So, will increasing the maximum civil penalties for breach of directors’ duties improve standards of corporate governance in Australia?

The answer is complicated. While governments will readily default to a “tough on crime” response (and media release), the criminology literature suggests that increasing the quantum of penalties does not have a marked effect on deterrence. In the area of white-collar crime (which typically involves deliberate wrongdoing) studies conclude that increasing the perception in people’s minds that they will get caught if they break the law is much more significant than increasing the size of the maximum penalty. In regulation, there is a trade-off in finding optimal deterrence, otherwise the danger is that companies and their directors will become excessively risk-averse.

The primary purpose of civil penalties is deterrence.

As the High Court said in Commonwealth v Director, Fair Work Building Industry Inspectorate (2015) 326 ALR 476, “whereas criminal penalties import notions of retribution and rehabilitation, the purpose of a civil penalty… is primarily if not wholly protective in promoting the public interest in compliance”.

Increasing maximum penalties in legislation only affects the deterrence balance if regulators bring enforcement proceedings and courts impose larger penalties in response.

Civil penalties proceedings against company directors are quite rare — ASIC’s quarterly enforcement report released in August 2018 indicates there are 22 civil proceedings against directors currently working their way through the courts. It is not inevitable that a civil pecuniary penalty will be ordered in every case, and when they are, they may be well below the statutory maximum. Empirical research by the Melbourne Law School, discussed in Company Director in May 2017, shows only 34 pecuniary penalty orders were made over the preceding decade. The average for a defendant with a single contravention was $25,000; for one with multiple contraventions, $177,875. In ASIC v Cassimatis (No 9) [2018] FCA 385, the pecuniary penalty requested by ASIC and imposed on the executive directors of Storm Financial (some 10 years after the company collapsed) was fixed at $70,000 each.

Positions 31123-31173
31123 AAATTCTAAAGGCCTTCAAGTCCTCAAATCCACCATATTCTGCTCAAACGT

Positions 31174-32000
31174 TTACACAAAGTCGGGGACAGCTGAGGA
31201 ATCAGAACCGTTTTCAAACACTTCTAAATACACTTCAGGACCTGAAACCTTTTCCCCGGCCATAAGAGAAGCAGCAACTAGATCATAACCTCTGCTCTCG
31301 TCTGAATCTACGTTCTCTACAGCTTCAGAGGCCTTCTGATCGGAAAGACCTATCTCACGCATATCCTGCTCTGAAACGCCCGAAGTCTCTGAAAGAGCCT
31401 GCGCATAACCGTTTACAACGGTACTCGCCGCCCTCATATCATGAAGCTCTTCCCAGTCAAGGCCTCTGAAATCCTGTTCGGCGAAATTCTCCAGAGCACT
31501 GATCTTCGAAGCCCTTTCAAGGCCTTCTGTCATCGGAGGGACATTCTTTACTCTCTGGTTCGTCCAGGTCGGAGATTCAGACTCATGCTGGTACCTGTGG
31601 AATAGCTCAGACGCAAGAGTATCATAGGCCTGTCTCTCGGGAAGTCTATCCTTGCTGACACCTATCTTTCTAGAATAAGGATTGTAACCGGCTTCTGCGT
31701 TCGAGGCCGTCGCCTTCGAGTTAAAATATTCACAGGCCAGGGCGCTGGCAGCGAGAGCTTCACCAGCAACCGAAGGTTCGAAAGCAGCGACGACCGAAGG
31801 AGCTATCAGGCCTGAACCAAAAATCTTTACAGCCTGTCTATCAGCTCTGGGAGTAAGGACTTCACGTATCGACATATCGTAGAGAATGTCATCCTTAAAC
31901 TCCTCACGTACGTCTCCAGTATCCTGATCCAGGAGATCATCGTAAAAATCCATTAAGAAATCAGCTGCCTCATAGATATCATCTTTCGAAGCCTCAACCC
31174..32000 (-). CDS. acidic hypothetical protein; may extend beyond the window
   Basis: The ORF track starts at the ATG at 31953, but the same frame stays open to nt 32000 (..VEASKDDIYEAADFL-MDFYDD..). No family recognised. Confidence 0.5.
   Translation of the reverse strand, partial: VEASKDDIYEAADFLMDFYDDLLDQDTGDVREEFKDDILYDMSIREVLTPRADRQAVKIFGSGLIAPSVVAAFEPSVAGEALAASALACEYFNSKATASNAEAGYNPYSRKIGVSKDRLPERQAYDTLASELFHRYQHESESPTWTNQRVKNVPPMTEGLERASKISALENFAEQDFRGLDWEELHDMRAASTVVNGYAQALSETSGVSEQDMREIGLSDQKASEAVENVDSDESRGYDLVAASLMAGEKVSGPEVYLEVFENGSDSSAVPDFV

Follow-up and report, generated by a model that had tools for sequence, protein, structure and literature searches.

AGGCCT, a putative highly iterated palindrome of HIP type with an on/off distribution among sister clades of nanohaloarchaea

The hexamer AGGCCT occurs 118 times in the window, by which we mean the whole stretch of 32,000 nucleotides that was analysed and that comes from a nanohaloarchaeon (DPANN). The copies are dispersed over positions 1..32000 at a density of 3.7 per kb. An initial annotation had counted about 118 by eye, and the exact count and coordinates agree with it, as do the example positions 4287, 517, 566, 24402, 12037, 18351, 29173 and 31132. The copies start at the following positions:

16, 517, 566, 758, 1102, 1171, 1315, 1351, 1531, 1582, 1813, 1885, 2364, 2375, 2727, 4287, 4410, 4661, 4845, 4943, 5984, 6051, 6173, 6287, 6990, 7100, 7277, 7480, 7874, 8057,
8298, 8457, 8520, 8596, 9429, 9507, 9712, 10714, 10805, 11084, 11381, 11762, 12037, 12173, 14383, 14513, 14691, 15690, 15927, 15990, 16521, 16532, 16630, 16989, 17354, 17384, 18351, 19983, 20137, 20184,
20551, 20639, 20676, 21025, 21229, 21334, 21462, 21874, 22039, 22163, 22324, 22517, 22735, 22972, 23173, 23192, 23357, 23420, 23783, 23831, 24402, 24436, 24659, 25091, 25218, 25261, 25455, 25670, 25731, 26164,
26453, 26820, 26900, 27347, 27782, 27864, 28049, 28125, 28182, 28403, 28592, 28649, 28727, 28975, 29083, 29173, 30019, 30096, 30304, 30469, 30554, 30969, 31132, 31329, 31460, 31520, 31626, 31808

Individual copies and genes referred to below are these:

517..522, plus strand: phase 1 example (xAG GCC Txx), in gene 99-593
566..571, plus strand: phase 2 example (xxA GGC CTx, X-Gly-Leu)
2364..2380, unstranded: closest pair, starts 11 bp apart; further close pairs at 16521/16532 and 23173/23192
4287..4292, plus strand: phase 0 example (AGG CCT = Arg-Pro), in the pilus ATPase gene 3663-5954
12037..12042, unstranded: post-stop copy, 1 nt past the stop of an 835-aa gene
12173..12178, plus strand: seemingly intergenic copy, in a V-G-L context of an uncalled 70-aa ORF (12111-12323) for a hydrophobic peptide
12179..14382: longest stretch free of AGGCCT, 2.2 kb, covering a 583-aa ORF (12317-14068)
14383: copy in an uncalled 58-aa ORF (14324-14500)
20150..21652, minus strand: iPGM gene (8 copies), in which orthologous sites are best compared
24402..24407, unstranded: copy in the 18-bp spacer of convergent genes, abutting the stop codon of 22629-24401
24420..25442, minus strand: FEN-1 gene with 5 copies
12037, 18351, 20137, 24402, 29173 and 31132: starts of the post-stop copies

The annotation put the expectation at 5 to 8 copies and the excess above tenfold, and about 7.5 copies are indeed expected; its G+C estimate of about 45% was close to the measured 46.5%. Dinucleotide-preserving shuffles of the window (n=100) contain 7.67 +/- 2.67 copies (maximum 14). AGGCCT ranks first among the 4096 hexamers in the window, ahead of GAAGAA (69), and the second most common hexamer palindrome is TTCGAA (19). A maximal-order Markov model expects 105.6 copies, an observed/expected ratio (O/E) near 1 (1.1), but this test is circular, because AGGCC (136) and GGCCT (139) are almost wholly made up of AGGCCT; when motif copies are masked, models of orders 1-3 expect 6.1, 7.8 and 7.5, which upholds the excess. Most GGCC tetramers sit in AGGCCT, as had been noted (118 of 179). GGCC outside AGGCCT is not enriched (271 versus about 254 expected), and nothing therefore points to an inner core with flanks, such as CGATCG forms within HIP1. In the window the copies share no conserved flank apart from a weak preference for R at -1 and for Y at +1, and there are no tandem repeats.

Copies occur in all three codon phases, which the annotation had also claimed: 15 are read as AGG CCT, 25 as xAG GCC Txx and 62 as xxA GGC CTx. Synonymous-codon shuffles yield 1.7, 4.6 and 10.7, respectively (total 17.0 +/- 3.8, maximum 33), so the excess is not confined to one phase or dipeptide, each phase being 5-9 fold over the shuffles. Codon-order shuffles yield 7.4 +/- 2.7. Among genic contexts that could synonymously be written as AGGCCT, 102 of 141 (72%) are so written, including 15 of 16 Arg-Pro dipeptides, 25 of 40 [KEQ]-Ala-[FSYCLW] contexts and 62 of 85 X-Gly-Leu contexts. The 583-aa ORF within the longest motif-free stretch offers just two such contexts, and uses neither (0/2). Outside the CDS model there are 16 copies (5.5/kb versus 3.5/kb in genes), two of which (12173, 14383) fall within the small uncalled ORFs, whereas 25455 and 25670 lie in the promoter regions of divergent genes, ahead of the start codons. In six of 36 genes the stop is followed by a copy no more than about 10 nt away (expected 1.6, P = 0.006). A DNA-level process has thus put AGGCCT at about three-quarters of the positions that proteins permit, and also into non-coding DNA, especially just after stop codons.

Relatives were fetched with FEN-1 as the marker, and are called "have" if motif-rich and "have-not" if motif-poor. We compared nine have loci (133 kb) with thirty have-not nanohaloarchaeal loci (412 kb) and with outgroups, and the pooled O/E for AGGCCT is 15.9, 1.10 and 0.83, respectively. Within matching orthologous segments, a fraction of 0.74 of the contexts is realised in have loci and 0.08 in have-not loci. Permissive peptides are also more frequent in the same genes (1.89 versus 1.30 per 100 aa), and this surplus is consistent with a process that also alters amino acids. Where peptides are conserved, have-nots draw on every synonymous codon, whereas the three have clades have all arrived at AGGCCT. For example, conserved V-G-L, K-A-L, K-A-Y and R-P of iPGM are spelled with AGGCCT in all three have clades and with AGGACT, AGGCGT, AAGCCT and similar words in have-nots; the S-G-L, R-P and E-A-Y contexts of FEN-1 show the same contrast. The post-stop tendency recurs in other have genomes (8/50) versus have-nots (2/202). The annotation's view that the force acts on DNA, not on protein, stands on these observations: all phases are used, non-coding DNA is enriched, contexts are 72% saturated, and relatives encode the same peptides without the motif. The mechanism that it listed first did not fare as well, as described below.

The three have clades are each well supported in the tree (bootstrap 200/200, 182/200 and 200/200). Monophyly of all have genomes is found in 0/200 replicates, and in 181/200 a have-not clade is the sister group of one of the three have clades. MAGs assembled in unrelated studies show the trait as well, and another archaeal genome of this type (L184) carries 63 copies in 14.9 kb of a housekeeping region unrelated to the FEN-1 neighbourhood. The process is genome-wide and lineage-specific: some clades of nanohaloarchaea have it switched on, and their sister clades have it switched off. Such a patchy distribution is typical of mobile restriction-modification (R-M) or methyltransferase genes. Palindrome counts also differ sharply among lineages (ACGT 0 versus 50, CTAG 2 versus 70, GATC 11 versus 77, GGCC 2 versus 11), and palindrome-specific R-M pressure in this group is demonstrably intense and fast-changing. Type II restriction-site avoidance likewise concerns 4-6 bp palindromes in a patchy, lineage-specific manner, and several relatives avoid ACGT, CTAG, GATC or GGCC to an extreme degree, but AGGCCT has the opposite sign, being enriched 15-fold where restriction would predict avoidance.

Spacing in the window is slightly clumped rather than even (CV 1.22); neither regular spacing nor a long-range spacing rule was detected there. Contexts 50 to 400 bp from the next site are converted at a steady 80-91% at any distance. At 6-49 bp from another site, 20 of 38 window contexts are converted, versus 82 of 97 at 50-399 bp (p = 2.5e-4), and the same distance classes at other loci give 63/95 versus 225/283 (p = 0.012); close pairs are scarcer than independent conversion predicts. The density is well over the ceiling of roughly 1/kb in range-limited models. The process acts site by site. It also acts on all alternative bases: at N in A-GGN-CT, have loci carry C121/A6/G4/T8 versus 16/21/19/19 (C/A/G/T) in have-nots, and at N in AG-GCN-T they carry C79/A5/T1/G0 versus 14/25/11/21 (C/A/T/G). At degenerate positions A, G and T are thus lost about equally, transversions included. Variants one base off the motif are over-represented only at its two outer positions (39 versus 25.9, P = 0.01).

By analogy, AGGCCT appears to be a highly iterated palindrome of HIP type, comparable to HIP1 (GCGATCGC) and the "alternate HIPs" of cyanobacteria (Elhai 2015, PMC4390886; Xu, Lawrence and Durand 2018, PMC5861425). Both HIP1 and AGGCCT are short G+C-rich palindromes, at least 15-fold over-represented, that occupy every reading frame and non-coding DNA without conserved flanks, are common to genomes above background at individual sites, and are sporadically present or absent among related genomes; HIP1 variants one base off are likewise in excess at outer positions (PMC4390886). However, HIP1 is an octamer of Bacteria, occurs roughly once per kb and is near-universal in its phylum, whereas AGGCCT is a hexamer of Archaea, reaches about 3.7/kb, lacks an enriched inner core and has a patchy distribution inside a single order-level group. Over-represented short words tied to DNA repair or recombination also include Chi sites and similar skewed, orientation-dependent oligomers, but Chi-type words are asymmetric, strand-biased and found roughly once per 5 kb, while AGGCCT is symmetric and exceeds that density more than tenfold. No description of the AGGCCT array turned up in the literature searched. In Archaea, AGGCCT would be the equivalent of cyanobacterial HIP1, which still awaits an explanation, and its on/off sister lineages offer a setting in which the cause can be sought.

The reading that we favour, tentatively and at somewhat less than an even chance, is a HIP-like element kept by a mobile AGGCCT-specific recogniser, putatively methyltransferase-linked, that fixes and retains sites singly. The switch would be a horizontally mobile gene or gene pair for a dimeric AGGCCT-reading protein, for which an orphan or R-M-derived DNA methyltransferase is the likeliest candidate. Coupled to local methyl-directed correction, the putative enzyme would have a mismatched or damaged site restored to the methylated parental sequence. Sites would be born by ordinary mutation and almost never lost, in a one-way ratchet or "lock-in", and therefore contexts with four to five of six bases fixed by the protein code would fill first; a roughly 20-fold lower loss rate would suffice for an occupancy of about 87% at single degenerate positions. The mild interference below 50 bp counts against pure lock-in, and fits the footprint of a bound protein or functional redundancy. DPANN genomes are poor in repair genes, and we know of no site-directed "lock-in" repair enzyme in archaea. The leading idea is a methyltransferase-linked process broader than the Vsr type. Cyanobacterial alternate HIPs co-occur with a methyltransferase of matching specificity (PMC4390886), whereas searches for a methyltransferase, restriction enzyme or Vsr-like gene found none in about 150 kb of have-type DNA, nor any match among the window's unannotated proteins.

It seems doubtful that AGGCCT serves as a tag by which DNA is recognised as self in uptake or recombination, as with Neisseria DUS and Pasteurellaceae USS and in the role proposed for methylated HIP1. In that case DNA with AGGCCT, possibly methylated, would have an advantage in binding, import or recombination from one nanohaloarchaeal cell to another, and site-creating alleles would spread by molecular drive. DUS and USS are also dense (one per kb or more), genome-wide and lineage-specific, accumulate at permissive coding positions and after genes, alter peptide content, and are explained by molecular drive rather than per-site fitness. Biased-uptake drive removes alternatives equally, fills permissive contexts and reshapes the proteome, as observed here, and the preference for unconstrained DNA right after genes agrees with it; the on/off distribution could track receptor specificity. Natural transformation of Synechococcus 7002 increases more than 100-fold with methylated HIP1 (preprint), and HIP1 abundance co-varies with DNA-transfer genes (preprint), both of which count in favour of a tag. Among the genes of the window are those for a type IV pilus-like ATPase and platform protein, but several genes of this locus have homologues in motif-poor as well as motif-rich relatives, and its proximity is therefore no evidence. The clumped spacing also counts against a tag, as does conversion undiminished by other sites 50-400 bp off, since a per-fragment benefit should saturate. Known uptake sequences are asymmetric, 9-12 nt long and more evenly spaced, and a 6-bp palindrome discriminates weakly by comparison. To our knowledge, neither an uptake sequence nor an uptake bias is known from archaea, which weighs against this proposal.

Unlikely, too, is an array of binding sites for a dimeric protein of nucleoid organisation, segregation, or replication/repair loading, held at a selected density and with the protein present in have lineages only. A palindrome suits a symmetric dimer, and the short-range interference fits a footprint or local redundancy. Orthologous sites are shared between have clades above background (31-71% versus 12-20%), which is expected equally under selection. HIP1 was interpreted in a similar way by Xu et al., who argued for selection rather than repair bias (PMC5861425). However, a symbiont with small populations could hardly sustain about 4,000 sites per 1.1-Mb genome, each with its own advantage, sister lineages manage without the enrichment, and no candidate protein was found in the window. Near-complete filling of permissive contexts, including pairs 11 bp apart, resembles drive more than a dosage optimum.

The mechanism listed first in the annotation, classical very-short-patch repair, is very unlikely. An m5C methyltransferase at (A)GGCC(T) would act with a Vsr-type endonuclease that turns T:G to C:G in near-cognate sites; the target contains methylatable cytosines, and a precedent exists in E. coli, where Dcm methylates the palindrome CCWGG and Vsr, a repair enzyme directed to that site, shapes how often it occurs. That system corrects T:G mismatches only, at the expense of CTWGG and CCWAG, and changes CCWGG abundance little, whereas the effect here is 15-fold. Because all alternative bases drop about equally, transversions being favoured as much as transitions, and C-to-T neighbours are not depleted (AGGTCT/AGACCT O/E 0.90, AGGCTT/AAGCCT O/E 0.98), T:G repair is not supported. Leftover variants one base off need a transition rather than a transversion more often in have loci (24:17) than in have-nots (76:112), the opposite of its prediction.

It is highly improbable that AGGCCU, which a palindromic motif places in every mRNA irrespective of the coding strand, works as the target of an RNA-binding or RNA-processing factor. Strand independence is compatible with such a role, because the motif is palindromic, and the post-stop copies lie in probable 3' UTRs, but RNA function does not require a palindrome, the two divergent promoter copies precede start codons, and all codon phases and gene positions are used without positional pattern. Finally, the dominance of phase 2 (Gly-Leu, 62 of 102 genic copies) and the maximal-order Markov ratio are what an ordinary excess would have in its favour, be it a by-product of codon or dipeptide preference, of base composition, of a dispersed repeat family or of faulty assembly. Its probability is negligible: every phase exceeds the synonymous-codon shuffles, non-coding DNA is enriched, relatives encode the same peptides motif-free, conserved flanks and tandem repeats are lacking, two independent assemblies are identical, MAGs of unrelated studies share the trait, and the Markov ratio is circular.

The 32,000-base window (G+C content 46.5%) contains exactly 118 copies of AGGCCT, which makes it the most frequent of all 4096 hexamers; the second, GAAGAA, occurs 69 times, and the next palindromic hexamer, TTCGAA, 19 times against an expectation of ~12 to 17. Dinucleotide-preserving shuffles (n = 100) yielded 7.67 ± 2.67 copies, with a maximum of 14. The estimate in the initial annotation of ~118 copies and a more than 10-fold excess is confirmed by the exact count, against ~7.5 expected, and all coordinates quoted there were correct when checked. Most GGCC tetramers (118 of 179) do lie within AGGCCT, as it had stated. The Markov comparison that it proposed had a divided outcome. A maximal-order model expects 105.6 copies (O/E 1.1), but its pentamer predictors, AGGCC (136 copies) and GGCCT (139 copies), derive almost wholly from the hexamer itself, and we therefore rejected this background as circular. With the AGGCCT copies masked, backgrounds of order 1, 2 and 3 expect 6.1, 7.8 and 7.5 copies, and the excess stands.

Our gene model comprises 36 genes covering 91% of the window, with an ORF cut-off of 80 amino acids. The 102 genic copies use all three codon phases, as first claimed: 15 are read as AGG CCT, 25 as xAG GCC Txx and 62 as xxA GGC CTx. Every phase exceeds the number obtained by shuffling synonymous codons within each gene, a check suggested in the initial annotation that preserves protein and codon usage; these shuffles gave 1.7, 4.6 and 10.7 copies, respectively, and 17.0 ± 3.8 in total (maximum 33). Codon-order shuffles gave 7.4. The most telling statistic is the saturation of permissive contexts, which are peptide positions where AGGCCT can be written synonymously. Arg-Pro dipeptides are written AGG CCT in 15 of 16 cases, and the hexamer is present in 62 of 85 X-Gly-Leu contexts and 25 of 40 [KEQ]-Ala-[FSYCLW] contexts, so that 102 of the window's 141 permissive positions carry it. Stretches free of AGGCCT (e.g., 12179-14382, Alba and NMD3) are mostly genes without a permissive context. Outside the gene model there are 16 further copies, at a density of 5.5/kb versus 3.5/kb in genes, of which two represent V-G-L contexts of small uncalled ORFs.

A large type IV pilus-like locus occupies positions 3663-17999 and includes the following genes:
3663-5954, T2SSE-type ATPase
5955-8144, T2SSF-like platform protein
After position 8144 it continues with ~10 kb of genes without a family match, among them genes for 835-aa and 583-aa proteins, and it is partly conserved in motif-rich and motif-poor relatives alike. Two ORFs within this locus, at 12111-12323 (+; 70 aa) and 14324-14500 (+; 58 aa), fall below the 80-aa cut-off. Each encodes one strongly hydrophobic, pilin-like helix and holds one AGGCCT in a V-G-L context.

There is significant jurisprudence determining how judges fix appropriate penalties in particular cases. The statutory maximum is relevant, as it is in criminal sentencing. In Markarian v R (2005) 215 ALR 213, the High Court said that “careful attention to maximum penalties will almost always be required, first because the legislature has legislated for them; secondly, because they invite comparison between the worst possible case and the case before the court at the time; and thirdly, because in that regard they do provide, taken and balanced with all of the other relevant factors, a yardstick”. When parliament chooses to adjust the maximum, courts will take that into account in fixing future penalties. As the Victorian Court of Appeal concluded in R v AB (No 2) (2008) 18 VR 391, “Even where the offence to which the increase applies is nowhere near the worst category, the increase remains of relevance since, in the usual case, the increase shows that parliament regarded the previous penalties as inadequate”.

Under the new legislation, the maximum civil pecuniary penalty for breach of directors’ duties exceeds the maximum criminal fine for an offence under section 184 of the Corporations Act 2001 (Cth), which concerns reckless and intentionally dishonest breaches of directors’ duties.

This is government’s “stronger response”. Ultimately, its impact on standards of corporate governance will depend on the way in which it is applied by ASIC and the courts.